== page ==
May 16, 2024
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May 16, 2024
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Linking Northern and Central NJ, Bronx, Manhattan, Westchester and CT

Part 1

The adventure began the week before the race. I was traveling to England with my wife Janet, our two sons Eric and Stevie, three bags, two devices and one bike named “Friday.”

(First, how did four people travel for eight days with three suitcases?)

Sounds like a math problem.

(It does, doesn’t it? Answer the question.)

Simple, in summer. It’s T-shirts and shorts. What’s the other question?

(Why is your bike named “Friday”?)

My first bike was named “Jarvis” and when I upgraded, I followed the names Iron Man Tony Stark gave his A.I.

The first issue to tackle was the transportation of the bike. I ride a TT or time trial bike. There are many little parts that have to be carefully dismantled and packed away. Most notably, the derailleur.

(The what?)

The derailleur is a variable-ratio bicycle gearing system consisting of multiple sprockets of different sizes. This mechanism moves the chain from one sprocket to another.

Imagine if your car transmission was built with the precision of a Swiss watch, without the protection of the watch case. I took the bike to the guys at FitwerxNJ who built it for me in the first place. I filmed the whole dismantling and packing since…

(You want to share the experience?)

…there are so many parts to a triathlon bicycle that I was going to need a step-by-step plan for assembly and post-race disassembling.

“Can I add things to the bike case to save on packing?” I asked Brad Frederickson, the bike mechanic.

“Oh, I think you should,” replied bike fitter Joe LoPorto.

Naturally, when I got home and filled up the case with stuff, I couldn’t close it again.

(So, just sit on it. It will close.)

It’s a racing bicycle, not your kid’s camp laundry. My first reaction was, “I’m going to crack the wheels or the frame if I press too hard. I need to go back to the bike shop.”

(No, you don’t. It’s a bike case Dave, not a carton of eggs from the supermarket. The case will protect the bike.)

I paused and thought about what my father taught me…

(Always pack extra clean underwear?)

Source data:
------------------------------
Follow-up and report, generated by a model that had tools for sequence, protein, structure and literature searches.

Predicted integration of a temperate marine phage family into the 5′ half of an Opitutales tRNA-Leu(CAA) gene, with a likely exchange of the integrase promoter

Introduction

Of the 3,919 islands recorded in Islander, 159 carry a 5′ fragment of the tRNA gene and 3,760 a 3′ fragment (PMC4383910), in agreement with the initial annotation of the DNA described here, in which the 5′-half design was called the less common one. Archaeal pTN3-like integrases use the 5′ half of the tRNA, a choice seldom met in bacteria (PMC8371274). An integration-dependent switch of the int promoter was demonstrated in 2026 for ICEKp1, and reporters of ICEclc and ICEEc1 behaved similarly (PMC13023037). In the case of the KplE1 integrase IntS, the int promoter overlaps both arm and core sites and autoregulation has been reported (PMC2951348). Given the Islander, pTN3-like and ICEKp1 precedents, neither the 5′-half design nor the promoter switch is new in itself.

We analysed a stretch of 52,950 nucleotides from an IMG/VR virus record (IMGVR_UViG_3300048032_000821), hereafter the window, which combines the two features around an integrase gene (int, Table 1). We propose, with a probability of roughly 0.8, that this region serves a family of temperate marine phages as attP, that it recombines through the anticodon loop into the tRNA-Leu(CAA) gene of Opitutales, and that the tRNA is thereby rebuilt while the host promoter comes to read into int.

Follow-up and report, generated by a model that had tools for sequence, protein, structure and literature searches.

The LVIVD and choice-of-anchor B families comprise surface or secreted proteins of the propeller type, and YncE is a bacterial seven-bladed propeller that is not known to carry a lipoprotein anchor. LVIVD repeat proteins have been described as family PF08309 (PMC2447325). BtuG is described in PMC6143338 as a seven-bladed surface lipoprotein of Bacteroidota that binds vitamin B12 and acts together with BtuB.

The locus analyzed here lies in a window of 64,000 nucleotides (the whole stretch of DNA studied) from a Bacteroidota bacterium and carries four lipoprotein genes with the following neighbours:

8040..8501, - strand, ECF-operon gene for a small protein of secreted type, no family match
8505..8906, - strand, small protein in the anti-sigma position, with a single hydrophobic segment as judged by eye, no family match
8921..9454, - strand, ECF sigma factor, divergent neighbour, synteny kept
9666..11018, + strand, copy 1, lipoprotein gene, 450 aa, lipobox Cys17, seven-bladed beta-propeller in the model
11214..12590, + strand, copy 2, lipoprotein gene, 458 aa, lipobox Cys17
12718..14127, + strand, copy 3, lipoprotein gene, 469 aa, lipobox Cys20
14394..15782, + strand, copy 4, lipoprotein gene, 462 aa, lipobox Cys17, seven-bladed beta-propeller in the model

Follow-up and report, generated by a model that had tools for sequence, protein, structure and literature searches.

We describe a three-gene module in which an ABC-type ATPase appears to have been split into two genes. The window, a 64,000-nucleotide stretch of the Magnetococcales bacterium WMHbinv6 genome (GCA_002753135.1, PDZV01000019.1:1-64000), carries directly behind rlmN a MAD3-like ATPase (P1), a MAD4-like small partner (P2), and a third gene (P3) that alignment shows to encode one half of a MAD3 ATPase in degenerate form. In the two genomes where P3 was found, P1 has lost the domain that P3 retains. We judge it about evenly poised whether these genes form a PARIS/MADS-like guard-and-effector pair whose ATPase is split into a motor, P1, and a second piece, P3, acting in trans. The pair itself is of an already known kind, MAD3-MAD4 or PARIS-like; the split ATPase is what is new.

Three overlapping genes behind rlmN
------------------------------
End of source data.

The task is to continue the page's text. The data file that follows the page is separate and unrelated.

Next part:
Besides that. He used to tell me to “figure it out.”

I looked and realized that the bike wheels shift out of their section when you open the case. I needed to manually ease the wheels back into the pocket of the case.

(So, what did you pad the bike case with?)

Bike shoes, helmet, wetsuits…

(You need two?)

No telling how cold the water will be up north.

(Water bottles?)

Yup, filled with baggies of protein powder.

(Have fun getting through airport security.)

This trip was filled with firsts. None of us had ever been to Europe and the boys had not flown internationally before. So, we’re at the airport and I said to my 10 and 16 yr olds:

“There are words you cannot say in an airport, like “bomb.”

“How about, ‘You’re the bomb?’”

“No.”

“What if I see my friend Jack? Can I say “Hi Jack”?

“Still no. Janet, did we pack duck tape to silence the kids?”

(Is it duck or duct?)

It’s both. The legend is that during World War II a marine fighting the Pacific wrote back to his mother who worked for the 3M company that water was leaking into the ammo boxes. She created a waterproof, easy to rip open fabric adhesive tape and then wrote a letter to President Roosevelt in 1943. The Apollo 17 astronauts even used it on the moon to repair a broken fender.

(How do you break a fender on the moon?)

That is a story for another time.

Our first problem showed up before we had even gotten to security. I had pre-checked the luggage on the app, but I could not declare a bike case…so, I had to get physically on line and manually do that.

Walking through an airport with a bike case generates all types of questions:

“Is that a wheelchair?”

(No, it isn’t and if it was, I’d be sitting in it.)

“Is that a piano?”

(At this size?)

“Looks like a bazooka.”

(We are on line for England, not President Zelensky’s office in Ukraine.)

Bike checked, onto TSA.

Wallet, passports, pens and phone into the bin.

(Did the metal plate in your arm beep?)

No, but it is always fun for a TSA agent to look at your tallis and tefillin.

Less than 60 minutes later we were at our gate. Wife happy, kids happy, time to caffeinate.

“Name?”

“Who do I look like?”

Pause….”Venti for Tony Stark!”

This never gets old.

The funny thing about leaving New Jersey at 7 p.m. and flying east is, the sun never fully sets.

I was eating my kosher airline supper at 9 p.m. and the sun was up. My kids were not.

(You ate both?)

I ate both.

I read, I slept, I ate again. We were served breakfast at 6 a.m. London time.

(What time did your stomach think it was?)

1 a.m. New Jersey time.

(Did you eat again?)

What type of question is that? Of course, I did.

We passed through customs at 8 a.m. London time and were confronted with our first indication that,

“Toto, I have a feeling we’re not in Kansas anymore.”


David Roher is a USAT certified triathlon and marathon coach. He is a multi-Ironman finisher and veteran special education teacher. He is on Instagram @David Roher140.6. He can be reached at [email protected]

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